We have probably all fallen into the trap of thinking that something which has stood the ‘test of time’, i.e. something that has been used for centuries with apparent success, must be ok. In alternative medicine, this belief is extremely wide-spread, and one could argue that the entire sector is built on it. Influential proponents of ‘traditional’ medicine like Prince Charles do their best to strengthen this assumption. Sadly, however, it is easily disclosed as a classical fallacy: things that have stood the ‘test of time’ might work, of course, but the ‘test of time’ is never a proof of anything.

A recent study brought this message home loud and clear. This trial tested the efficacy of Rhodiola crenulata (R. crenulata), a traditional remedy which has been used widely in the Himalayan areas and in Tibet to prevent acute mountain sickness . As no scientific studies of this traditional treatment existed, the researchers conducted a double-blind, placebo-controlled crossover RCT to test its efficacy in acute mountain sickness prevention.

Healthy adult volunteers were randomized to two treatment sequences, receiving either 800 mg R. crenulata extract or placebo daily for 7 days before ascent and two days during mountaineering. After a three-month wash-out period, they were crossed over to the alternate treatment. On each occasion, the participants ascended rapidly from 250 m to 3421 m. The primary outcome measure was the incidence of acute mountain sickness with headache and at least one of the symptoms of nausea or vomiting, fatigue, dizziness, or difficulty sleeping.

One hundred and two participants completed the trial. No significant differences in the incidence of acute mountain sickness were found between R. crenulata extract and placebo groups. If anything, the incidence of severe acute mountain sickness with Rhodiola extract was slightly higher compared to the one with placebo: 35.3% vs. 29.4%.

R. crenulata extract was not effective in reducing the incidence or severity of acute mountain sickness as compared to placebo.

Similar examples could be found by the dozen. They demonstrate very clearly that the notion of the ‘test of time’ is erroneous: a treatment which has a long history of usage is not necessarily effective (or safe) – not only that, it might be dangerous. The true value of a therapy cannot be judged by experience, to be sure, we need rigorous clinical trials. Acute mountain sickness is a potentially life-threatening condition for which there are reasonably effective treatments. If people relied on the ‘ancient wisdom’ instead of using a therapy that actually works, they might pay for their error with their lives. The sooner alternative medicine proponents realise that, the better.

3 Responses to There is nothing like the ‘test of time’…to mislead us

  • Many traditions are really about the formation of superstition. Especially in cultures where ancestor worship is strong, doing what one’s predecessors did (without doubt or question) can literally be a religious duty. In the Rhodiola example, the fact that someone in the past had taken Rhodiola and survived a dangerous climb may have been all that was needed to spark the tradition. One instance of “post hoc” attribution of causation instead of correlation has created many medical traditions. If others use the technique and survive, it strengthens the notion. If they don’t survive, explanatory excuses such as “too late,” “not enough,” “incorrect preparation,” “conflicted with spicy foods or seafoods, etc.,” or “it was his time to die, you can’t change fate” all can defend the superstitious tradition in the face of conflicting reality. Only a large enough study with good blinding and a credible placebo control can really discover the truth about many of these traditional herbal remedies.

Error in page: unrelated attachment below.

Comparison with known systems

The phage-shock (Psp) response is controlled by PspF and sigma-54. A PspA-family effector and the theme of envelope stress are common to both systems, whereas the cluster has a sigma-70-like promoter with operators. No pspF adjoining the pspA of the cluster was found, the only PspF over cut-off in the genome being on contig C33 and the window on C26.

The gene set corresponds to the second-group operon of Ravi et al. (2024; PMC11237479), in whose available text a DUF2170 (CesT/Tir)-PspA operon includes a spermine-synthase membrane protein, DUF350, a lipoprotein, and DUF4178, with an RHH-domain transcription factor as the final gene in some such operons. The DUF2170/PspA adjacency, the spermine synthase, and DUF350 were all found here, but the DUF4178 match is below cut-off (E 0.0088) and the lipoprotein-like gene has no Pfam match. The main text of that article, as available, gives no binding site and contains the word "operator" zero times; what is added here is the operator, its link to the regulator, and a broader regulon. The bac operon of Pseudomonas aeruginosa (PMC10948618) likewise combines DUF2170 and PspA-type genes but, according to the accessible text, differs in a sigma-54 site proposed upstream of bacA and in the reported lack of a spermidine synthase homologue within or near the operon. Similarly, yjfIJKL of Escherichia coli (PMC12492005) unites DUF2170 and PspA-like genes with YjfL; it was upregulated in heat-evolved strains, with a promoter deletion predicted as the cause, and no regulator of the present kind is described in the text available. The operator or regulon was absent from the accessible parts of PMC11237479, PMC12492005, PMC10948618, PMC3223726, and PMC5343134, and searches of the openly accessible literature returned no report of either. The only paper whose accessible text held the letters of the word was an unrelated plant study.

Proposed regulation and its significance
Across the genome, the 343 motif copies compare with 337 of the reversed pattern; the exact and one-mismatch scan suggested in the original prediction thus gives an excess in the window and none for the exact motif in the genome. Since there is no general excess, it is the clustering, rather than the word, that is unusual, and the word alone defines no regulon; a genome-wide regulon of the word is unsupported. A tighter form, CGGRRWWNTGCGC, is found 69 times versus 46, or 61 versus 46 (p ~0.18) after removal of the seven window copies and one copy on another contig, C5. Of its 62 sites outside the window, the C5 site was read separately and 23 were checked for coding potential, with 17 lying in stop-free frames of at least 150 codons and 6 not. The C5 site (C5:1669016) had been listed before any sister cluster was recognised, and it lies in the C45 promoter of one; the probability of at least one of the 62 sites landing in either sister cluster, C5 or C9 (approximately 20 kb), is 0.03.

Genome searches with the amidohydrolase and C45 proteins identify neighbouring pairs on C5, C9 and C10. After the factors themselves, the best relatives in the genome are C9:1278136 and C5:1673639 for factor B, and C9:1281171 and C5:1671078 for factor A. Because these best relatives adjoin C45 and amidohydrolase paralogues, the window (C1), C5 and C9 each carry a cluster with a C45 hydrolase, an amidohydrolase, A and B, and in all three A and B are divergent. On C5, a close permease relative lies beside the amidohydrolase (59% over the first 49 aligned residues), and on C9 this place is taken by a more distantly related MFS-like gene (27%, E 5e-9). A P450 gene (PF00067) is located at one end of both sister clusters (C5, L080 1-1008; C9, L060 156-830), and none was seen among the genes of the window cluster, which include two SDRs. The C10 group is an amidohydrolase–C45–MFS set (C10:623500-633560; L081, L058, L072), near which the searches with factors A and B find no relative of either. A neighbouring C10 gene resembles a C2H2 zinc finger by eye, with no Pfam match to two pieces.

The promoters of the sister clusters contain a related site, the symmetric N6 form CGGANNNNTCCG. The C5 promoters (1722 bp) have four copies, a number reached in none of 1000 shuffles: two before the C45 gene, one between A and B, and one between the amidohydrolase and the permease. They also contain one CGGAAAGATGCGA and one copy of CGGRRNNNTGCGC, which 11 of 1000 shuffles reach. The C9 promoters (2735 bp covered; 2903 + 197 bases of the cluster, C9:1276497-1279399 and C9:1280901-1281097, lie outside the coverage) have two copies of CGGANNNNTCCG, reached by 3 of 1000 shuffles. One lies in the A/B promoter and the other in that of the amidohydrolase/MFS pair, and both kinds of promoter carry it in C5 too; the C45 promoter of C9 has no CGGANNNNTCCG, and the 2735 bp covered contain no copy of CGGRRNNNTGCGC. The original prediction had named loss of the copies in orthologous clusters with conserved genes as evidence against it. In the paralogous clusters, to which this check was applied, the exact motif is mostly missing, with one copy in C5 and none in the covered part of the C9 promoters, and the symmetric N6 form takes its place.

Not that the many fans of Rhodiola products will stop using them for “mood, energy, and endurance boosting.” I have no doubt that Rhodiola can subjectively boost perception of improved mood, energy, and endurance in those who believe it will do those things.

  • So it focuses their intent.

  • You can say it focuses their intent, but it is important to note that it does so no more than a placebo pill, and that the *perception* of increased mood, energy, and endurance does not translate to actual increased *performance*. This has been shown in nausea/vomiting studies with acupuncture where the patients reported they *felt* less nauseous, but they still vomited the same number of times as the other groups. Often this sort of reporting can be due to unconscious social pressure (not wanting to let one’s therapist down), or as a way of defending one’s own purchases (i.e. “I spent money on it, so I must feel better than I would have if I hadn’t”). When it comes to preventing dangerous diseases (malaria, for example), a fake remedy which makes hopeful users “feel” more protected has significant risk for indirect harm. Same with asthma, where placebo-based interventions (like acupuncture) often lead to subjective reports of improvement, but actual measures of lung volume show no improvement.

    In terms suitable for a SubGenius (as Bob Dobbs is the figurehead of that sarcastic, humorous “religion”), If Bob’s pipe had fake Frop in it, he may report feeling plenty of Slack from smoking it, but when his behavior was measured objectively, would still be doing the same amount of actual useful chores, etc., as someone who hadn’t smoked Frop. If he smoked real Frop, however, he would be truly Slacking Off and not accomplishing anything “useful” in both objective and subjective measurements.

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